Residents air buidup concerns: Health care, land issues raised at UOG field house
By Laura Matthews • Pacific Sunday News • January 10, 2010
The University of Guam's field house teemed with varying emotions yesterday when more than 500 people gathered to publicly comment on the draft Environmental Impact Statement.
Die-hard activists, determined landowners, concerned citizens and officials paced the floor of the field house, reading all the information on display. They talked with military officials about the buildup, in order to learn all they could before the public comment session.
Signs that read: "Only independent nations control immigration" and "Yankee go home!" showed military officials where they stood with some residents.
Then, the conch shells were blown, the Guam national anthem was sung and the proceedings for the second public hearing on the draft Environmental Impact Statement got underway.
The first speaker on the day was Vice Speaker Benjamin Cruz, who expressed public health concerns as Guam prepares to get about 20 years of growth over the next five years because of the military buildup.
Approximately 8,000 Marines and their 9,000 dependents will be brought to the island. In total, the buildup is projected to bring about 80,000 people to Guam by 2014, which will increase Guam's population by almost half its current size.
"My main concern is that the hospital is the choke point," Cruz said. "We just don't have enough beds to take care of the people coming."
The vice speaker told Department of Defense officials that he would like for the final Environmental Impact Statement to be "very specific" about how it is going to address the need for more hospital beds on island.
"The hospital is unable to take care of us at this time. We are short of doctors," he said.
The draft Environmental Impact Statement notes that the island's health-care system will need a personnel increase of 26 percent in order to deal with the growth. It also states that at the peak of the construction phase in 2014, an additional 15 doctors and 91 nurses will be needed.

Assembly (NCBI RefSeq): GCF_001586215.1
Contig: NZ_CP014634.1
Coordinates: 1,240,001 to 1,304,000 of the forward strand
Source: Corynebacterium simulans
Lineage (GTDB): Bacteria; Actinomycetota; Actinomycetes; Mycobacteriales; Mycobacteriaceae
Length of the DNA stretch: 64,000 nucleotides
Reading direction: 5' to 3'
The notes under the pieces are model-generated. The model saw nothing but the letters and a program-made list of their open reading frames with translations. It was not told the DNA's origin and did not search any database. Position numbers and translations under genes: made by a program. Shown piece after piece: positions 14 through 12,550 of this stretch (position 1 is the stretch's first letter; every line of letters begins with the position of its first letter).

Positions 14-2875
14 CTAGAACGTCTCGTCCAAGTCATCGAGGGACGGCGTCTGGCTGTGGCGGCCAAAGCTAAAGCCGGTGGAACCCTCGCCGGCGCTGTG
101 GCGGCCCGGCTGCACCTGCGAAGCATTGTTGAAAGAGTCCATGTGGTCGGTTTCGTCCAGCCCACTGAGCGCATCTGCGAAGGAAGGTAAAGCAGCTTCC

Some residents expressed worry they might lose their land.
Juan Martinez Unpingco, an 85-year-old Sasayan Valley landowner, said he worked two jobs throughout his lifetime in order to feed his eight children and save enough money to buy property. That piece of property, he said, sustaines his livelihood.
"This has obviously paid off since it has been helping me to pay all my medical bills," Unpingco said. "Thus, the property I own in Marbo Cave has indeed sustained my livelihood and I plan to deed it to my children upon my death. I anticipate that my children would do likewise and deed the property onto the next generation."
He said he fears the military will take his land through condemnation and asked them not to.
"I am in support of the military buildup, provided there is no land condemnation," he said. "It was my bread and butter. I worked very hard for it. I will sell it or rent it."
Joint Guam Program Office Executive Director David Bice, a retired Marine major general whose office oversees the buildup, has said that residents whose lands are used for military projects will get a fair price. The Defense Department follows strict procedures to pay landowners the fair market value, he said, also noting that congressional defense committees would first have to approve any major land acquisitions by the military.
Juan Unpingco's son, Superior Court of Guam Judge Steven S. Unpingco, also a private landowner, said the draft Environmental Impact Statement fails to address "the contentious issue" of land condemnation. Moreover, the Sasayan Valley area is a proposed alternative for a live firing range -- an idea he said should be dismissed.
"Equally important to the public is the impact that explosive grenade and demolition ranges may have on the environment," he said. "Is there any specific study on any potential environmental degradation or possible lead contamination from these activities on soil?"
Melvin Won Pat-Borja, a 28-year-old teacher and member of the We Are Guahan group, said his generation should know that it is important to let their voices be heard. They don't need to be "a scientist or an expert to comment on the EIS," he said.
The group is a combination of residents who seek to disseminate the information from the lengthy draft Environmental Impact Statement to ordinary citizens in a way that is easily understood.
"This problem will not affect the people who are making the decisions. It will ultimately be our youth," he said. "I have students who will be graduating this year and will possibly be graduating college in four years. And when they want to come back home and raise their families here and make a living here, things will not be the same as they were when they left. This island will not be the same as it was when they left."
Residents have until Feb. 17 to submit their comments on the draft Environmental Impact Statement, which will reshape nearly all aspects of life on Guam.
The public meetings are a way the military officials garner the concerns of the citizens, which will be evaluated and taken into consideration to make better decisions as the military moves forward with the final EIS, Bice said.